B. Increases in demand often reflect an influx of new buyers into the marketplace or an unusual increase in buying power on the part of the customer.

C. The U.S. housing market showed a larger than average increase in the 1990s across the country, not just in crowded urban areas.

D. Price increases do not cause people to withhold their houses from the market in the hopes that prices will increase even further in the future.

E. A significant rise in housing prices in a specific area may cause some potential buyers to relocate to other, less pricey areas.

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Re: An industry analyst asserted in his recent report that the relative sc  [#permalink]

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New post 24 Apr 2015, 04:24
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I posted answer to this question yesterday , but I do not see my post. :(
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Re: An industry analyst asserted in his recent report that the relative sc  [#permalink]

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New post 02 May 2015, 14:02
Can someone explain why C is wrong here ?
OA is D
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New post 03 May 2015, 16:04
The question stem asks you to determine the answer choice that damages the city council's plan. Since the conclusion states that the city's finances are not negatively affected, we know that in the right answer, the city's finances MUST be negatively affected in some way. This is seen in 'C'. So you have to look at the conclusion.
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Re: An industry analyst asserted in his recent report that the relative sc  [#permalink]

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New post 19 Dec 2018, 23:31
souvik101990 wrote:
An industry analyst asserted in his recent report that the relative scarcity of housing in a particular market leads to larger than normal increases in price. During the late 1990s, according to the analyst's report, occupancy rates-a measure of the percentage of housing occupied at a given time-in crowded urban markets such as New York and San Francisco hovered around 99.5%. During the same period, housing prices increased by as much as 100% per year, compared to more normal past increases in the range of 5% to 15% per year. Which of the following is an assumption that supports the analyst's assertion?

A. In the housing market, there generally must be at least five buyers per seller in order to cause larger than normal increases in price.

B. Increases in demand often reflect an influx of new buyers into the marketplace or an unusual increase in buying power on the part of the customer.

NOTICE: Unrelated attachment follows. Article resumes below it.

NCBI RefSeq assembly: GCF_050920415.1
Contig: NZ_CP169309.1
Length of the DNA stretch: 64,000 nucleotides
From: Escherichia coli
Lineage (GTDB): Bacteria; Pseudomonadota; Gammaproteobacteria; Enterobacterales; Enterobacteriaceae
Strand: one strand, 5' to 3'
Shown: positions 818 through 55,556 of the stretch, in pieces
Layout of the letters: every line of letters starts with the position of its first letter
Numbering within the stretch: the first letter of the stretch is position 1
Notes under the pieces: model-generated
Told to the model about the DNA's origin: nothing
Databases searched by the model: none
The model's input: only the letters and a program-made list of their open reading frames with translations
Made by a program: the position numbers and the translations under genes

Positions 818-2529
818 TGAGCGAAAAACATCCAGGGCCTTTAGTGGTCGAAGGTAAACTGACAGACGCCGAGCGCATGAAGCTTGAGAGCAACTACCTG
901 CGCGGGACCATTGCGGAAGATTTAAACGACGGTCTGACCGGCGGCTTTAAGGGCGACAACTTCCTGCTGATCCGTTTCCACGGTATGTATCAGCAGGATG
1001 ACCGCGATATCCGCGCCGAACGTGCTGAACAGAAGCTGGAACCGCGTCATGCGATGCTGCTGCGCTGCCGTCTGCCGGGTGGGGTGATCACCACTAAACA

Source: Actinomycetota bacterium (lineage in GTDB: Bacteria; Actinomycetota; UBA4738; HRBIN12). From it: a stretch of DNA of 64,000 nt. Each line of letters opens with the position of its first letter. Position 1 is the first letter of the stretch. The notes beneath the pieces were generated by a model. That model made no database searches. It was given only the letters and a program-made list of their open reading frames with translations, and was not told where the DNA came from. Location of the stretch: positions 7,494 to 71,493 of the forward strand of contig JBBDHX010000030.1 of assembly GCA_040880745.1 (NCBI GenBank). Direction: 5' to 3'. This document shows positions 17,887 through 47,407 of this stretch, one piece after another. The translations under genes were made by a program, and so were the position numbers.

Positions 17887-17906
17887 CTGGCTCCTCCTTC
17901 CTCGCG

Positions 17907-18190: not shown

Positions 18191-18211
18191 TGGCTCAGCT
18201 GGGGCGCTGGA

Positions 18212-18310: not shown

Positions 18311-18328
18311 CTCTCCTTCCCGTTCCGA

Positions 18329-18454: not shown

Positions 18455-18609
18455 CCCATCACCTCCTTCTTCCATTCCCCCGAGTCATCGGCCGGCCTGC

C. The U.S. housing market showed a larger than average increase in the 1990s across the country, not just in crowded urban areas.

D. Price increases do not cause people to withhold their houses from the market in the hopes that prices will increase even further in the future.

E. A significant rise in housing prices in a specific area may cause some potential buyers to relocate to other, less pricey areas.


TOUGH question, it really makes you think.

A) not sure how this is relevant
B) this is simply a definition of demand. This does not help our argument.
C) We're talking about particular markets not the entire housing market.
D) CORRECT. The issue in the stem is whether it is truly a scarcity that is causing the price to increase. What if there wasn't a scarcity of housing and home owners were just unwilling to sell that caused the supply to drop and the price to increase? This answers that concern.
E) irrelevant
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Re: An industry analyst asserted in his recent report that the relative sc  [#permalink]

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New post 13 Feb 2019, 01:55
This one is really tough, it took me quit a while. A didn’t take long to eliminate, of course, since it is completely irrelevant. B isn’t an assumption at all, its just the definition of demand. C introduces additional information, we are not talking about the US housing market. E is also irrelevant. So, D is the correct answer. The weakness in the original argument is that there is another reason, besides scarcity, that could cause the price increase. People might just not be selling their houses. D, however, tells us that is not the case. This removes a potential ambiguity.
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Re: An industry analyst asserted in his recent report that the relative sc   [#permalink] 13 Feb 2019, 01:55